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Hidden gems is an idiom which means something which is extremely outstanding and not many people may know about; for example, Blame It on Rio by Stanley Donen is a good movie, but relatively unknown by the mainstream world, hence a hidden gem.

Hidden gem however does seem to be informal, is there an alternative phrase for this which I can use in a formal context?

It is also known as a diamond in the rough, which is defined as;

someone or something whose good qualities are hidden

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Admittedly this is not precisely an answer to the question as asked, but be not too hasty to reject hidden gem as unsuitable for formal discourse.

Formal discourse does not eschew idiom provided that the idiom in question is neither conspicuously vulgar nor excessively specific to a single region or social grouping; it aims at a certain universality. In this, the use of formal English resembles the use of Latin, rather than vernacular languages, in pre-modern Europe, for academic as opposed to literary texts (which more commonly were in vernacular languages): to write in Latin was to write for an international community of scholars whose vernacular mother tongues might vary from Icelandic to Portuguese to Low Dutch.

Hidden gem qualifies as a reasonably universal idiom, found at comparable frequencies in both American and British English. Its currency is likely at least partially owed to the following lines in Thomas Gray’s “Elegy Written in a Country Churchyard”:

Full many a gem of purest ray serene
The dark unfathom’d caves of ocean bear:
Full many a flower is born to blush unseen,
And waste its sweetness on the desert air.

Needham Bryan Cobb in 1879 published a poetical “Reply” to these lines specifically, subtitled “the unseen rose—the hidden gem.”

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Possible choice

underappreciated item/thing

lucky find

[in some contexts]

  • Underrated as well. :) – Andy Semyonov Apr 5 '15 at 14:12
  • Not quite, it doesn't have the same "punch," something that is underappreciated could still be a Picasso. What I'm looking for is relatively unknown, but appreciated in its own merits. – Aslan Maslin Apr 5 '15 at 14:55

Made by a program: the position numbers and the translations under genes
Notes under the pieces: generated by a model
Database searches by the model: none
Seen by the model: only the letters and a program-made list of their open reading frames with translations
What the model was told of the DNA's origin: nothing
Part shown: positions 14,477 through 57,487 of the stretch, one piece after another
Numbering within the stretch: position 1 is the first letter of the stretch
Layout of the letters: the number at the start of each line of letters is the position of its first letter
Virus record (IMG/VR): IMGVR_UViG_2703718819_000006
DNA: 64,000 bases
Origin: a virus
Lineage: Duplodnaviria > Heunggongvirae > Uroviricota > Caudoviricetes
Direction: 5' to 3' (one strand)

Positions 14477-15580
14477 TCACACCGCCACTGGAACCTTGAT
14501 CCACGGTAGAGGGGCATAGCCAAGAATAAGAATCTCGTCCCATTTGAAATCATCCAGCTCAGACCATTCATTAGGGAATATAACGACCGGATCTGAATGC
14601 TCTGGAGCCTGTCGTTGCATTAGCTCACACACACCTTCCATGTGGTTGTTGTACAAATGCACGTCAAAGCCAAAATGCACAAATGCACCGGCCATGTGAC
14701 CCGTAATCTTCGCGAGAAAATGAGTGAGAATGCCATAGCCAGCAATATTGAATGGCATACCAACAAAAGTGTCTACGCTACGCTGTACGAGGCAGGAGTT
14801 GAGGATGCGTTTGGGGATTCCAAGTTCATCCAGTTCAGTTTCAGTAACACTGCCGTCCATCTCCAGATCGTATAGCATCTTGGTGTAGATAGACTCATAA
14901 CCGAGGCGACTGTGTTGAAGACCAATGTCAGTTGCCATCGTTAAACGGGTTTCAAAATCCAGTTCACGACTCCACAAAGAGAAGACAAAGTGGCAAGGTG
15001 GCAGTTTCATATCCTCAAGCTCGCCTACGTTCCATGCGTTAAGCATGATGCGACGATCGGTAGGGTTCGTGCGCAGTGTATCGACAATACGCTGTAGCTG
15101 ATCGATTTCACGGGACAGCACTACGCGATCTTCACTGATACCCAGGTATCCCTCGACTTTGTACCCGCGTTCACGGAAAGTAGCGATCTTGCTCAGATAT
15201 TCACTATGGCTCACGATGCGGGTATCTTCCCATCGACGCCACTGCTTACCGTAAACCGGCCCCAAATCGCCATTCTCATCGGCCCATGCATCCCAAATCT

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I don't know if there is an idiom that covers everything, but you may find use in these:

few and far between (rare and difficult to find)

very few; few and widely scattered. Get some gasoline now. Service stations on this highway are few and far between.

Some people think that good movies are few and far between.

scarce

  1. Insufficient to meet a demand or requirement; short in supply: Fresh vegetables were scarce during the drought.
  2. Hard to find; absent or rare: Steel pennies are scarce now except in coin shops.

once in a blue moon (rare event)

Rarely, once in a very long time, as in We only see our daughter once in a blue moon. This term is something of a misnomer, because an actual blue moon-that is, the appearance of a second full moon in the same calendar month-occurs every 32 months or so. Further, the moon can appear blue in color at any time, depending on weather conditions. [Early 1800s]

hole in one (rare achievement)

A perfect achievement, as in Tim scored a hole in one on that test. The term alludes to a perfect stroke in golf, where one drives the ball from the tee into the hole with a single stroke. [c. 1900]

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In the context of films, cult film, or cult classic are often used to describe hidden gems.

  • Not exclusively films, just in general, I used the example of films. – Aslan Maslin Apr 5 '15 at 14:59
  • Sure, I just wanted that base covered. – Wayfaring Stranger Apr 5 '15 at 15:47

protected by tchrist Jun 16 '17 at 2:47

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